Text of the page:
## Robert Boyle And The Scientific Method

How do we know something is true? In grade school, you may remember being taught a process by which an observation elicits a question, from which a hypothesis can be derived, which leads to a prediction that can be tested, and proven…or not) These steps are commonly known as the Scientific Method, and they’ve been successfully used for thousands of years, by such legendary people of science as Aristotle (384 – 322 BC,) Roger Bacon (1219 – 1292,) Johannes Kepler (1571-1630,) Galileo Galilei (1564-1642) and right up to today’s scientists who run the CERN Large Hadron Collider.  The collider is the largest machine in the world, and its very purpose is the testing and proving (or not) of hypotheses based on questions that come from observations (often made in the LHC itself) in ongoing efforts to answer amazingly complex questions regarding space, time, quantum mechanics, and general relativity.

The Scientific Method is actually the reason (more on this in a minute) for the name of a fundamental law of physics: Boyle’s Law.  It states:

“For a fixed amount of an ideal gas kept at fixed temperature, pressure and volume are inversely proportional.”

And can be mathematically represented:

PV=k, where:

• P = is the pressure of a gas
• V = is the volume of that gas, and
• k = is a constant

So, if “k” is held constant, no matter how pressure changes, volume will change in inverse proportion.  Or, if volume changes, pressure will change in inverse proportion.  In other words, when one goes up, the other goes down.  It’s also quite useful in another formulaic representation, which allows us to calculate the resultant volume (or pressure,) assuming the initial volume & pressure and resultant pressure (or volume) is known:

P1V1=P2V2, where:

• P1  and P2 are the initial, and resultant, pressures (respectively) and
• V1  and V2 are the initial, and resultant, volumes (respectively)

This is in fact, what happens when compressed air is generated, so this formula is instrumental in many aspects of air system design, such as determining compressor output, reservoir storage, pneumatic cylinder performance, etc.

Back to the reason it’s called “Boyle’s Law” – it’s not because he discovered this particular phenomenon.  See, in April of 1661, two of Robert Boyle’s contemporaries, Richard Towneley and Henry Power, actually discovered the relationship between the pressure and volume of a gas when they took a barometer up & down a large hill with them.  Richard Towneley discussed his finding with Robert Boyle, who was sufficiently intrigued to perform the formal experiments based on what he called “Mr Towneley’s hypothesis.”  So, for completing the steps of Scientific Method on this phenomenon – going from hypothesis to law –  students, scientists, and engineers remember Robert Boyle.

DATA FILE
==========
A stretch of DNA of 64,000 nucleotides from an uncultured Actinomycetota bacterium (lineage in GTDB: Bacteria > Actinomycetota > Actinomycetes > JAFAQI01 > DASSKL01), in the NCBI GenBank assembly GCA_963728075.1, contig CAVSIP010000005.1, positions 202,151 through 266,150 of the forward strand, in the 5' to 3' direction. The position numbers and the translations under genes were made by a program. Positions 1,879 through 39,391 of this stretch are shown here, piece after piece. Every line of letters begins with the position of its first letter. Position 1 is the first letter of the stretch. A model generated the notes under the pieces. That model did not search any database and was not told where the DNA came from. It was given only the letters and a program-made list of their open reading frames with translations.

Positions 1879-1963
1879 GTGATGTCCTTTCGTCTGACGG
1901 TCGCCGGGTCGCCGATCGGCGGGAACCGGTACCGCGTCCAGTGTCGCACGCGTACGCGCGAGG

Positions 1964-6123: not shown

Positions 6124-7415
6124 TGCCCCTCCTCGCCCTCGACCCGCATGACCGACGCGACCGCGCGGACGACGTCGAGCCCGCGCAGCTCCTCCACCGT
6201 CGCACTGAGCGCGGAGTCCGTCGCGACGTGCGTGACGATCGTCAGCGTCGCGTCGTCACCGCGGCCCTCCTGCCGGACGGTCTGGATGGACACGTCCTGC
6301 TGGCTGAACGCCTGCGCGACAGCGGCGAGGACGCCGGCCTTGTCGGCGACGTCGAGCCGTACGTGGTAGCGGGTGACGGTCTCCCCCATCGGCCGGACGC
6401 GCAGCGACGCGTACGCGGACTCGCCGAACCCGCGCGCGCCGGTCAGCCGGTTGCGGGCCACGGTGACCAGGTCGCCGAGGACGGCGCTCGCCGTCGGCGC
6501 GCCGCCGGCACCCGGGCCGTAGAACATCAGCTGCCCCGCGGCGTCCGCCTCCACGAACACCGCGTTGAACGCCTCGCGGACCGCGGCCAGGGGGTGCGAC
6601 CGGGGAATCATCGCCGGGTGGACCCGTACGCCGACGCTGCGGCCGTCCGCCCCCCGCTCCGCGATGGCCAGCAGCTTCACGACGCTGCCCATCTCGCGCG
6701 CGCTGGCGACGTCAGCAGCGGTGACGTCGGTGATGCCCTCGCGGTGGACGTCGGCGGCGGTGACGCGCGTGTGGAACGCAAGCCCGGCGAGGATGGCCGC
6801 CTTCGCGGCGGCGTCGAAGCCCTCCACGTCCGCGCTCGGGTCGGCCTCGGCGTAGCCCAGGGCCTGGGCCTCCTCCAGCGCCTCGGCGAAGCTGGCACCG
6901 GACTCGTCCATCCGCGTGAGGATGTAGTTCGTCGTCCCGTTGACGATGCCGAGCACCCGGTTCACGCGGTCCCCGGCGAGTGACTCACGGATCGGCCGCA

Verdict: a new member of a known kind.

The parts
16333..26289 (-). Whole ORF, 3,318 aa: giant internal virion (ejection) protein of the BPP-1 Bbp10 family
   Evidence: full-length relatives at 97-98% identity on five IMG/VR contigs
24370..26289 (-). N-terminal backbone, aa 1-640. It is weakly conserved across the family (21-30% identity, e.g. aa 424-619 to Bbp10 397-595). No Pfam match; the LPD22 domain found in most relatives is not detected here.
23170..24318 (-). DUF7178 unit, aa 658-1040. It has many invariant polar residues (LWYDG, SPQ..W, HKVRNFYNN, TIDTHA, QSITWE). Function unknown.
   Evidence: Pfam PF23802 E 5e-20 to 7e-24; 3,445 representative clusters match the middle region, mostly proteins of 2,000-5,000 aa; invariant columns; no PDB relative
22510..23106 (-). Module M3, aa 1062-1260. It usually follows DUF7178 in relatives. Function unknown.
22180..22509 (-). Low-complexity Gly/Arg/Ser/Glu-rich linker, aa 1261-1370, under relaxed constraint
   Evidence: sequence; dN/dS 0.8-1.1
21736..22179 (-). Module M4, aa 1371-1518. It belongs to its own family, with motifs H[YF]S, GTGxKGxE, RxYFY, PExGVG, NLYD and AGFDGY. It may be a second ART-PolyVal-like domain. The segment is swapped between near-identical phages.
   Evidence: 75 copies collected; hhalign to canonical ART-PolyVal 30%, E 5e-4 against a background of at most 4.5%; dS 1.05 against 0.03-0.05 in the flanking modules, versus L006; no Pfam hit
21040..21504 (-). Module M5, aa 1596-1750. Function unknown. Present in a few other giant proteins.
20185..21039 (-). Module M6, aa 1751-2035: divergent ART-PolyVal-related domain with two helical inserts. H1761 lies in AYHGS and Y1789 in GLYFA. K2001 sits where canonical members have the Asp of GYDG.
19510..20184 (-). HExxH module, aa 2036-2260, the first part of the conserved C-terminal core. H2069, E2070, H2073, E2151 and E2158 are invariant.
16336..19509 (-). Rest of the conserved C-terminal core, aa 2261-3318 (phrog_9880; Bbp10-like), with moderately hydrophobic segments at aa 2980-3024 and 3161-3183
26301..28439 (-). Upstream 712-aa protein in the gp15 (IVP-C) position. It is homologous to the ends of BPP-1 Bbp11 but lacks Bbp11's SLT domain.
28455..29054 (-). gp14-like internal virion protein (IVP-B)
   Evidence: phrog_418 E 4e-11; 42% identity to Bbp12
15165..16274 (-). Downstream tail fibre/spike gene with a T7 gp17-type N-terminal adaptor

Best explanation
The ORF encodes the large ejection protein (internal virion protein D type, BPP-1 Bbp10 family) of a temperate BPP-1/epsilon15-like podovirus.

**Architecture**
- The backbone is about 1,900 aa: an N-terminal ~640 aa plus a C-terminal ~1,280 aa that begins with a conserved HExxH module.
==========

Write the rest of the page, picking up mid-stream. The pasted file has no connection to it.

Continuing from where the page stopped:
Russ Bowman
Application Engineer
EXAIR Corporation
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IMGP6394 image courtesy of Matt Buck, Creative Commons License

## People of Interest: Robert Boyle – January 25, 1627 – December 31, 1691

Robert Boyle was born on January 25, 1627 in Lismore Castle, County of Waterford, Ireland.  He was an Anglo-Irish natural philosopher, chemist, physicist and dabbled in many other areas of study. He published the book The Sceptical Chymist in 1661, and many consider him and his work as the foundation of modern chemistry.  He was a very devout Anglican, and published numerous works in this area as well.

One of Boyle’s most famous discoveries was to become the first of the gas laws, relating the pressure of a gas to its volume. With Robert Hooke, a young university student as his laboratory assistant, Boyle began experimenting with air.  Together they made their first great discovery, now known as Boyle’s Law.

The experiment was performed using a ‘J’ shaped glass tube sealed on the shorter leg, and open to atmosphere on the longer leg.  Quicksilver (mercury) was poured into the tube, such that the level was equal on each side. The volume of the trapped air was noted. Additional mercury was poured into the tube and it was observed that the mercury did not stay level, and measurements of the heights on each tube leg were recorded.  The height difference of the mercury is effectively a measure of the pressure of the trapped air. Boyle, through the experiment and the data,  discovered a relationship between the volume and the pressure of air.  The data as published, is shown below.

Boyle noticed the pressure times the volume of air for the initial condition equaled the pressure times the volume at any other mercury height.

Known as Boyle’s Law – P ∝ 1/V,      pressure is proportional to the inverse of the volume

Alternately, PV = k,       pressure times volume is equal to a constant

For comparing the same substance under two different sets of conditions, the law can be expressed as P1V1 = P2V2

Of note is that Boyle’s Law, combined with Charles’s law and Gay-Lussac’s Law formed the combined gas law, and in combination with Avogadro’s law is the basis for the ideal gas law – PV=nRT, which include temperature, the amount of the substance, and the ideal gas constant to the mix.

It is noted that Boyle credited fellow scientist Richard Towneley for making the connection between the pressure of a gas and volume, but Boyle’s experiments and observations using the ‘J’ tube confirmed Towneley’s predictions, and the rest as they say is history.

If you would like to talk about compressed air or any of the EXAIR Intelligent Compressed Air® Products, feel free to contact EXAIR and myself or one of our Application Engineers can help you determine the best solution.

Brian Bergmann
Application Engineer